On Wednesday, September 2, 2009, the Michigan Supreme Court denied four applications for leave to appeal and dismissed one application on stipulation of the parties. The Court also ordered the clerk to schedule oral argument to consider the application for leave to appeal in Lenawee County Board of Road Commissioners v. State Auto Property & Casualty Insurance Co., Case No 137667. A copy of the Court's order can be found here.
In Lenawee County Board, Plaintiff filed an amended complaint which added State Auto Property & Casualty Insurance Co. as a defendant. The claim asserted against State Auto Property concerned property protection benefits pursuant to MCL ' 500.3121. After it was added as a party, State Auto Property filed a motion for summary disposition in the trial court and argued that because Lenawee County failed to file suit against State Auto Property within the one-year statute of limitations, the claim failed as a matter of law. The trial court agreed and dismissed the claim against State Auto Property. Lenawee County filed an application for interlocutory appeal with the Court of Appeals. In this application, Lenawee County argued that the trial court erred in dismissing its claim against State Auto Property because under the relation-back doctrine, the addition of State Auto Property as a party in the amended complaint related back to the date of filing the original complaint, which had been filed within the one-year statute of limitations. In lieu of granting application for leave to appeal, the Court of Appeals denied Lenawee County's appeal for the reason that under Miller v. Chapman Contracting, 477 Mich. 102 (2007), the relation-back doctrine does not apply to the addition of new parties. All new parties must be added before the statute of limitations expires.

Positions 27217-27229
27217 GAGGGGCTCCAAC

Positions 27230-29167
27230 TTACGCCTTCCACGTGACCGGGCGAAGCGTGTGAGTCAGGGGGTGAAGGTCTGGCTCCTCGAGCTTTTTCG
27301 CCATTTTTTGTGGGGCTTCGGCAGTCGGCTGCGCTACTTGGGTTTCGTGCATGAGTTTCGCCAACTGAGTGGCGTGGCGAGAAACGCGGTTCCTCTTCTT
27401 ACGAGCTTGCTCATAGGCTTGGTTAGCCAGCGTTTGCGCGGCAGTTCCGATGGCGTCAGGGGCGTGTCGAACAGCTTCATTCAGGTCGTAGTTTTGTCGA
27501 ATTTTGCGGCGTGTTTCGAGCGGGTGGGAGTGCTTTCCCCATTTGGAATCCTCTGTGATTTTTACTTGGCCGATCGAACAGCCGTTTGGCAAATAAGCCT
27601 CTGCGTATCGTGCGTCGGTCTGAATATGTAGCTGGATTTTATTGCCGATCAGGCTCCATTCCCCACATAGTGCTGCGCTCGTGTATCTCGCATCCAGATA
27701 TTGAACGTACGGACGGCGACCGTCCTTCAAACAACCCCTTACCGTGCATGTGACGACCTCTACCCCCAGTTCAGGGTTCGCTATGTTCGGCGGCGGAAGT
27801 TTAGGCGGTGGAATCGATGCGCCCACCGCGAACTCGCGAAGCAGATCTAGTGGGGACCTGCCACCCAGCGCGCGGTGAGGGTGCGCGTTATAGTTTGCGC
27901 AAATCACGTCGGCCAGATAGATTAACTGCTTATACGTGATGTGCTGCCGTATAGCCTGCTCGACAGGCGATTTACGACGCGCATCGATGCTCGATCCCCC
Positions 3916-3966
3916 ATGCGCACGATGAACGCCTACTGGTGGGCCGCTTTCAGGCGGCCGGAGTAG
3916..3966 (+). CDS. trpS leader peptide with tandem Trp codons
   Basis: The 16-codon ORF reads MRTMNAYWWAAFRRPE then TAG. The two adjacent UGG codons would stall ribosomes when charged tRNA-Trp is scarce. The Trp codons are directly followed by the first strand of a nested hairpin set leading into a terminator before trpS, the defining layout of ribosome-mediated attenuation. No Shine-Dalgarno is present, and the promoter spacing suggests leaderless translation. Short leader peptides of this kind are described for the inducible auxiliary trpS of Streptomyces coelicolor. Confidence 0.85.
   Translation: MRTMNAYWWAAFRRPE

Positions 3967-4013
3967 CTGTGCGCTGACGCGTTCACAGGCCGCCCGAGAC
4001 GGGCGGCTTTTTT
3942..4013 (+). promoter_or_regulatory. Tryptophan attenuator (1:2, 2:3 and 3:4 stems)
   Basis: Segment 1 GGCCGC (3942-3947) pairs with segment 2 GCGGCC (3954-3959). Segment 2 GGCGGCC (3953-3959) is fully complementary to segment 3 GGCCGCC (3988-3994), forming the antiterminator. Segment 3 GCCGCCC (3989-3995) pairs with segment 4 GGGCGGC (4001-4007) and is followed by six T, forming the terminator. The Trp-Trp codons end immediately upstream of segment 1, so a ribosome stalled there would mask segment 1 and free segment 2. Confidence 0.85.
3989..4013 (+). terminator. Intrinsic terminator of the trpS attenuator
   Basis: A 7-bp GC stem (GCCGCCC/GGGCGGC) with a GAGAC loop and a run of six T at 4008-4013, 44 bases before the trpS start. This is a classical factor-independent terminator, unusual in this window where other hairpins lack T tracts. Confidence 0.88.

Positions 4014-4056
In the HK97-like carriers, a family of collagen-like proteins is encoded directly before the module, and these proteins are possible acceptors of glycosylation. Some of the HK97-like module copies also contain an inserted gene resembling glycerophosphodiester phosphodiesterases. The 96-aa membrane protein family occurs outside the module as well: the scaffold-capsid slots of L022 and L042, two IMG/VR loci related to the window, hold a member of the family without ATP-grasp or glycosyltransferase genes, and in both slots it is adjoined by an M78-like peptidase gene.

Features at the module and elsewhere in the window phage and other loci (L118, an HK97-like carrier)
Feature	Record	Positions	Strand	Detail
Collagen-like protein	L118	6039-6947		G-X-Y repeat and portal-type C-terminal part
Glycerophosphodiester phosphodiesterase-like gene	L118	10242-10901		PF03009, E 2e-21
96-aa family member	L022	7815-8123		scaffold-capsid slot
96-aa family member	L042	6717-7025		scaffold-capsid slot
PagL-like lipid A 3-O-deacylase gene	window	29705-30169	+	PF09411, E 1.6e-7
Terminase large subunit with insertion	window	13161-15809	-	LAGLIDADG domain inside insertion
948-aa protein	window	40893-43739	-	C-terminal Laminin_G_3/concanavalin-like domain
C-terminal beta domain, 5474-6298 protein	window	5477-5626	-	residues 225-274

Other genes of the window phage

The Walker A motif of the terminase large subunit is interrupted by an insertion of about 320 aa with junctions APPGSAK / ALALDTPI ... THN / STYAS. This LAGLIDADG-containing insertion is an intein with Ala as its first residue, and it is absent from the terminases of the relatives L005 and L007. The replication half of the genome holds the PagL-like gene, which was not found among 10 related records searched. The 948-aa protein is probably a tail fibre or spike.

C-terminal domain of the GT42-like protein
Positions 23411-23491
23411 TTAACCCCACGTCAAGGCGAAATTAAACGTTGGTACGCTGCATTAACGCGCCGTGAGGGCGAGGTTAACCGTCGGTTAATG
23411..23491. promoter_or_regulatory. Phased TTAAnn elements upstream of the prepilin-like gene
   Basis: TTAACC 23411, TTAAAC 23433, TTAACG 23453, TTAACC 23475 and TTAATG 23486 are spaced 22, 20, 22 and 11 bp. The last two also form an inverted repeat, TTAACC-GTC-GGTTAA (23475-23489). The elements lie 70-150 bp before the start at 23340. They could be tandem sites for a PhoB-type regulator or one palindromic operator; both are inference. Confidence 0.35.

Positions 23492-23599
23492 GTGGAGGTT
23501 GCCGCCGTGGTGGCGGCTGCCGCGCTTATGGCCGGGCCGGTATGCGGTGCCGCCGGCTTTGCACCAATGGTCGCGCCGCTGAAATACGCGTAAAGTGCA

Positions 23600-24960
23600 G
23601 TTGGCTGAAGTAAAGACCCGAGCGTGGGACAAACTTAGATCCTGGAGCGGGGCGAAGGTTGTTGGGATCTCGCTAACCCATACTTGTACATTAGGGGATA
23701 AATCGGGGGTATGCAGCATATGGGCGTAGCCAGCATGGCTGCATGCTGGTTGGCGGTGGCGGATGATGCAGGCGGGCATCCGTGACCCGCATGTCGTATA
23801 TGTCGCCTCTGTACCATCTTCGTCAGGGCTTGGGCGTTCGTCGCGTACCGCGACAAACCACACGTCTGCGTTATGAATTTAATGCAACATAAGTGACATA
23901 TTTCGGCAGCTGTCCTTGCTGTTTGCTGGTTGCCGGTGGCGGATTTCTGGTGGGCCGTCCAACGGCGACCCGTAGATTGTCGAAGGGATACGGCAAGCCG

The Michigan Supreme Court granted oral argument on the application for leave to appeal and directed the parties to be prepared to address whether Miller was properly decided. Justices Corrigan and Young dissented. In his dissent, Justice Young pointed out that Miller was decided only 28 months ago, and stated that he considered it inappropriate to consider the validity of the Miller decision where neither party advocated for Miller to be overturned. Justice Cavanagh concurred with the majority but wrote separately to respond to Justice Young's dissent. In his concurrence, Justice Cavanagh noted that while he has advocated for judicial restraint in the past, he has never suggested that it is always inappropriate to overrule precedent.